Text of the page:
So, the news is in…COPIA will likely be selling off its 12-acre property which is struggling with a staggering amount of debt and move operations into San Francisco. Word is that the food/arts center may try to lease back part of the building to stay maintain its Napa presence, but that’s still up in the air.
From day one, Napa’s luxe food, arts and wine center, COPIA, has struggled to find its raison d’etre. Pretty much anyone who’s been there says the same thing to me: “It’s a really great idea, but I don’t really get it.”
Winemaking philanthropist, Robert Mondavi’s grand vision of a home where food, wine and art intersected was a noble idea that turned quickly turned quixotic. But in the booming 1990s, excess and passionately indulgent ideas could be passed off as quirky and interesting. We might not get it, but who cared. It was art. And food. And wine. In Napa.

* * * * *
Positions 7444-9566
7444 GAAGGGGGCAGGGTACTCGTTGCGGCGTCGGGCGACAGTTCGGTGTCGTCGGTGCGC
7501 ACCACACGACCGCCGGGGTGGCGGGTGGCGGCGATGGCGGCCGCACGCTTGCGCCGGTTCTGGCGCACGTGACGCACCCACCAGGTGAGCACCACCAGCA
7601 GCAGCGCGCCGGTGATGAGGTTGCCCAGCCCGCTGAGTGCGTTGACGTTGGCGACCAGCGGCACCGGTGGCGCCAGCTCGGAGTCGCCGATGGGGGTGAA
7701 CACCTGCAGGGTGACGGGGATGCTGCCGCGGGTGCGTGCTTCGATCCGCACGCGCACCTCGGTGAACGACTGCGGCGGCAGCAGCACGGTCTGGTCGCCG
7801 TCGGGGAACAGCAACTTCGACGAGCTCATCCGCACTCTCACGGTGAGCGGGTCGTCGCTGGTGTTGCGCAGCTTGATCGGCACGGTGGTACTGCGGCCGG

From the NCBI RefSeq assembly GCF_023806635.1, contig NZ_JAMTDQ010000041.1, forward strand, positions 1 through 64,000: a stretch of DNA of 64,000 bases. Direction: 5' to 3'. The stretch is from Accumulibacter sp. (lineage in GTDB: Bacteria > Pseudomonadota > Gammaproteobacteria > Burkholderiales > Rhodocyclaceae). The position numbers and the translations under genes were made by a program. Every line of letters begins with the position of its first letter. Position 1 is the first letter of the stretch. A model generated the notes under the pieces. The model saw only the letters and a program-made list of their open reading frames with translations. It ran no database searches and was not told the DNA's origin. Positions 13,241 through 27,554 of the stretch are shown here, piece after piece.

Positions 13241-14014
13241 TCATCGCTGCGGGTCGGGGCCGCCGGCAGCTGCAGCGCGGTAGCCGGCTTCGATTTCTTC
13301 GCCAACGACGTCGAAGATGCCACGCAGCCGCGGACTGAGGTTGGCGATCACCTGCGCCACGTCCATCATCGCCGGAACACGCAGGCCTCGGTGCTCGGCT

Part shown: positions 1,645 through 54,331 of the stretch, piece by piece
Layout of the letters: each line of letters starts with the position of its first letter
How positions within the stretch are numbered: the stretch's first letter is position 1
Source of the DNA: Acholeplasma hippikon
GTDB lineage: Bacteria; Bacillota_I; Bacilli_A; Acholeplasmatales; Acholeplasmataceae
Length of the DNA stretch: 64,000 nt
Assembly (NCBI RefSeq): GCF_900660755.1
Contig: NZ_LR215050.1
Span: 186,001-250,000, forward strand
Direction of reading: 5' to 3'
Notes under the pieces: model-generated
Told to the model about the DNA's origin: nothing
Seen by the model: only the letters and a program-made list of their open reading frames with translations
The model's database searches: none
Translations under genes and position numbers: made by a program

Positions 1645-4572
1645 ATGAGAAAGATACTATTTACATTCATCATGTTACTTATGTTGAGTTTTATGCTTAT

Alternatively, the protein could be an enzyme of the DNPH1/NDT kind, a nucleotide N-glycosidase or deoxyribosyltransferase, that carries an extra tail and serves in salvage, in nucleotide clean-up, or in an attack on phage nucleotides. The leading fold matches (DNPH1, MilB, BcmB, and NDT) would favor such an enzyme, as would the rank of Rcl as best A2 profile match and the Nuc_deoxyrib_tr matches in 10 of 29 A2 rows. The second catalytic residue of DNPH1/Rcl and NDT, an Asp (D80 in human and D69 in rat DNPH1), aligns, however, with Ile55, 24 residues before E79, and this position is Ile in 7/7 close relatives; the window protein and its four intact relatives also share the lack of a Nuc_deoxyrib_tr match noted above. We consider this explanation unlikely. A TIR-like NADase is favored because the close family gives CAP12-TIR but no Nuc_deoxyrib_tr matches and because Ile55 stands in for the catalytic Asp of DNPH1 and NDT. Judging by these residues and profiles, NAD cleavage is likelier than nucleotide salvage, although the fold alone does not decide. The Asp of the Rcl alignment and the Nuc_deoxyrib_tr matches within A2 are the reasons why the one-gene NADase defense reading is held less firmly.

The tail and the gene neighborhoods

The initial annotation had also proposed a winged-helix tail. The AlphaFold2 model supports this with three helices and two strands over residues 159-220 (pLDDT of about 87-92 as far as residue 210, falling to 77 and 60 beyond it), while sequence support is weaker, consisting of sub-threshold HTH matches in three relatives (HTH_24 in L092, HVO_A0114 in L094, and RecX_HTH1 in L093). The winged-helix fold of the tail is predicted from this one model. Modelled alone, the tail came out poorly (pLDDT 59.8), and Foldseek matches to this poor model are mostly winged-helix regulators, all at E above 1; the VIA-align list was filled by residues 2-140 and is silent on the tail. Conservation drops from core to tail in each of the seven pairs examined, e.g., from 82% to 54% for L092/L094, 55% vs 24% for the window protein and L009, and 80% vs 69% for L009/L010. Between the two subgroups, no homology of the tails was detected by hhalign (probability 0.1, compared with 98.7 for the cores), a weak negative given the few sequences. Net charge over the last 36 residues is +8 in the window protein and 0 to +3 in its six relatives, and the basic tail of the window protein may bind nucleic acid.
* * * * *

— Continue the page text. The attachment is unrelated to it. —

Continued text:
As bank-accounts dwindle, however, excess seems less amusing. COPIA tried to reinvent itself numerous times, cutting back on the bizarro art, adding more approachable classes, reaching out the community. Recently they asked Tyler Florence, the nice-guy Food Network chef who lives in Marin (and is working on an SF restaurant) to front its culinary program. This is the guy who shilled for Applebees. How everyday can you get?
Things seem to be continuing to digress, however. There are rumors that the building will be sold, that Julia’s Kitchen is in hot water and the natives seem restless (as evidenced by recent comments to turn the building into a go-cart racing center).
And though it would be easy to jump on the bandwagon of hostility toward this multi-million dollar fiasco, the whole thing is actually pretty discouraging. I have always loved the idea of COPIA. I’m proud to live in a place that had the gumption to support it for this long. I have been absolutely enamored of the Taste3 conferences held there each year, bringing together some of the greatest visionaries in food, wine and art. The sale also doesn’t bode well for the Oxbow Market, which has faced its own struggles but seemed inexorably tied to the food-focus of COPIA.
Is COPIA a lofty idea that’s out of touch with the current economic climate? Or did it ever stand a chance. Sound off…